Everybody loves counting down to the last day of school, but who wants to tally the days ‘til summer is over? As parents and kids try to squeeze in as much vacation fun as possible, teachers across the state are already preparing to welcome students back for the new school year. We are here to help!
Whether it’s within the four walls of a traditional classroom, at a kitchen table, or through field trips and programming at an environmental education center or outreach program, it is critical that our future decision-makers, educators, parents, and others learn about the importance of our natural resources. At the Georgia Forestry Commission (GFC) our mission is to provide leadership, service, and education to protect and conserve Georgia’s forest resources. No matter the grade level or audience, we have resources to help inform, guide, and supplement lesson and activity plans.
Free downloadable lesson plans and a wealth of resources are available. Worksheets for younger (K-5) students can help them discover more about the forest and other related topics. These can be integrated into corresponding lesson plans or used as stand-alone activities. Download the video, “A Tree’s Dream,” and the accompanying lesson plans for grades 3 – 8 to address ways to conserve the earth’s natural resources and protect the environment. Lesson plans follow the 5E Model of Instruction, an approach to designing learning sequences and opportunities that allow learners to engage, explore, explain, elaborate, and evaluate the content presented. Lesson plans also correlate with the Next Generation Science Standards (NGSS) , which are K-12 science content standards that outline what students should know and be able to do, given their grade levels. NGSS has been adopted by several states, and though Georgia is not one of them, these standards can be cross-walked with the Georgia Standards of Excellence (GSE). “A Tree’s Dream” is one of our many resources developed in partnership with other states across the Southeast.
Career planning tools are also available. “Green Careers” can be integrated into lessons with the interactive booklet, “People of Forestry: Discover Careers in the Forest.” This fun publication is designed for grades 3 – 5 and is aligned with essential knowledge and skills in science and mathematics. Middle and high school students will enjoy Georgia Public Broadcasting’s “Make That Paper!” and Project Learning Tree’s (PLT) Green Jobs: Exploring Forest Careers. There is also a supplemental online quiz to help youth find green job suggestions that fit their personality type. A new PLT resource, Black Faces in Green Spaces: The Journeys of Black Professionals in Green Careers is a career resource guide developed in partnership with Minorities in Agriculture, Natural Resources, and Related Sciences (MANRRS). The guide introduces youth to the many jobs in the forest and conservation sector through the lens of Black professionals currently working in the sector. To take those concepts a step further, GFC foresters and rangers are available to speak to your students and share first-hand knowledge and experiences about their careers in forestry.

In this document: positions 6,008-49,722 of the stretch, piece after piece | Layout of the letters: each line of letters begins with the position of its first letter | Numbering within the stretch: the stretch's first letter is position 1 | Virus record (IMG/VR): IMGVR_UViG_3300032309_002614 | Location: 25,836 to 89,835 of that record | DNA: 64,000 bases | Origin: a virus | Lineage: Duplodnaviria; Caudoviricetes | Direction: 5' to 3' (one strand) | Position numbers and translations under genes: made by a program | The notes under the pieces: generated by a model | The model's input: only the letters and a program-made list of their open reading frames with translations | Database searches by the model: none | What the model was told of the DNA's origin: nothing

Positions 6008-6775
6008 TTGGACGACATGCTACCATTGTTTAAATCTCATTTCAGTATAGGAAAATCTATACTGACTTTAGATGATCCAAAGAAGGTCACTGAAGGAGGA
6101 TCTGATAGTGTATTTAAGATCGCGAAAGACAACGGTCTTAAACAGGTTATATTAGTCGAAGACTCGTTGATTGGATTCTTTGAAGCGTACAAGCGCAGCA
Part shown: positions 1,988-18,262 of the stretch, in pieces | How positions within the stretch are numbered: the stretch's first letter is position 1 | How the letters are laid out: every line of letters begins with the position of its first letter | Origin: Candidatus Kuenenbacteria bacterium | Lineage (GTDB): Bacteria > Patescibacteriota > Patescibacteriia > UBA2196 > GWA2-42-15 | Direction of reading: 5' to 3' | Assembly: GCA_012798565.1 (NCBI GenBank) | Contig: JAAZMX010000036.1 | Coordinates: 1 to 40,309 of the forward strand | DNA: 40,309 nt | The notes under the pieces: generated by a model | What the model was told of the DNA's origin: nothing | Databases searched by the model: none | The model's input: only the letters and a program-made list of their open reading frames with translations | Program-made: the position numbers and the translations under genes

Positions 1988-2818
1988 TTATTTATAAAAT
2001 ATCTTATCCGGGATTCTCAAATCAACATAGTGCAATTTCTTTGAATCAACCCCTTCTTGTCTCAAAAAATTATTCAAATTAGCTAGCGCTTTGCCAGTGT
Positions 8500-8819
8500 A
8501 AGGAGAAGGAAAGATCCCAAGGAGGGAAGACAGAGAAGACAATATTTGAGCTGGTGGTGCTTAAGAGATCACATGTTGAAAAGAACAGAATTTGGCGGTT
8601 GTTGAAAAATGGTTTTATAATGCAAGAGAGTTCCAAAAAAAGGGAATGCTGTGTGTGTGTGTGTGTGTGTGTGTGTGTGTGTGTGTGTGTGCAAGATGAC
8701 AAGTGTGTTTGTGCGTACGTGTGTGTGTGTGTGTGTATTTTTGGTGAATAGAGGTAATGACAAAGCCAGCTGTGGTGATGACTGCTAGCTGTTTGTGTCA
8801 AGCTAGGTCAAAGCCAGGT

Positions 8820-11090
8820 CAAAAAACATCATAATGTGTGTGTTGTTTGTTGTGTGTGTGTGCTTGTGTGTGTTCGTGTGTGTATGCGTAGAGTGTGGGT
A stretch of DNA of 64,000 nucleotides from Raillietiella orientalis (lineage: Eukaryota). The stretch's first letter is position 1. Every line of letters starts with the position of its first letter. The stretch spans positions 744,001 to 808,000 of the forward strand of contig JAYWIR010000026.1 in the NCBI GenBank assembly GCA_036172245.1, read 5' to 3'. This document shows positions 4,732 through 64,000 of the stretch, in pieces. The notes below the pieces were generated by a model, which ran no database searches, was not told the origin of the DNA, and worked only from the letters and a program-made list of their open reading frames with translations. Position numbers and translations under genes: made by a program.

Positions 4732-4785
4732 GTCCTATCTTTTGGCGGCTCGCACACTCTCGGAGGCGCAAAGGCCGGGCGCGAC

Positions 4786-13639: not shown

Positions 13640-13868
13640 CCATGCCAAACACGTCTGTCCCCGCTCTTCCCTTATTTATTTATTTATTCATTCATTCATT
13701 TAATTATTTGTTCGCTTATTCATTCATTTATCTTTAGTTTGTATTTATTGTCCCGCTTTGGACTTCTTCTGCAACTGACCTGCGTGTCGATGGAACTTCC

If you’re seeking a deeper dive, we’ve got tools for that, too. The GFC is a proud sponsor and administrator of PLT in Georgia. PLT is an award-winning environmental education program designed for teachers and other educators, parents, and community leaders working with youth from preschool through grade 12. PLT’s materials revolve around hands-on activities that connect children to nature and actively engage them in learning and investigating. PLT offers professional development opportunities and free resources for educators! PLT’s newest guide, Explore Your Environment: K-8 Activity Guide, contains 50 activities that are correlated to state standards and can easily be integrated into established curriculums.
Smokey Bear continues to make a big impression on students of all ages. As one of the most recognizable characters in the world, Smokey Bear is available to make personal visits for wildfire prevention education. Smokey also has his own website, smokeybear.com, which provides resources for elementary and middle school educators, and a kid’s corner where they can design a coloring book and more.
These are just a few of the resources you have access to with just a few clicks, but what we offer doesn’t stop there. When available, we can also come to your school or organization to speak with students about forestry and natural resources. Check out our YouTube Channel, GeorgiaTrees, for supplemental video resources – from career-focused videos to educational videos on different forestry and environmental topics. No matter where you are in the state, we have an office near you!
Visit the “Learn & Explore” portion of our website at gatrees.org/learn-explore for more information on programs, resources, PLT, and more.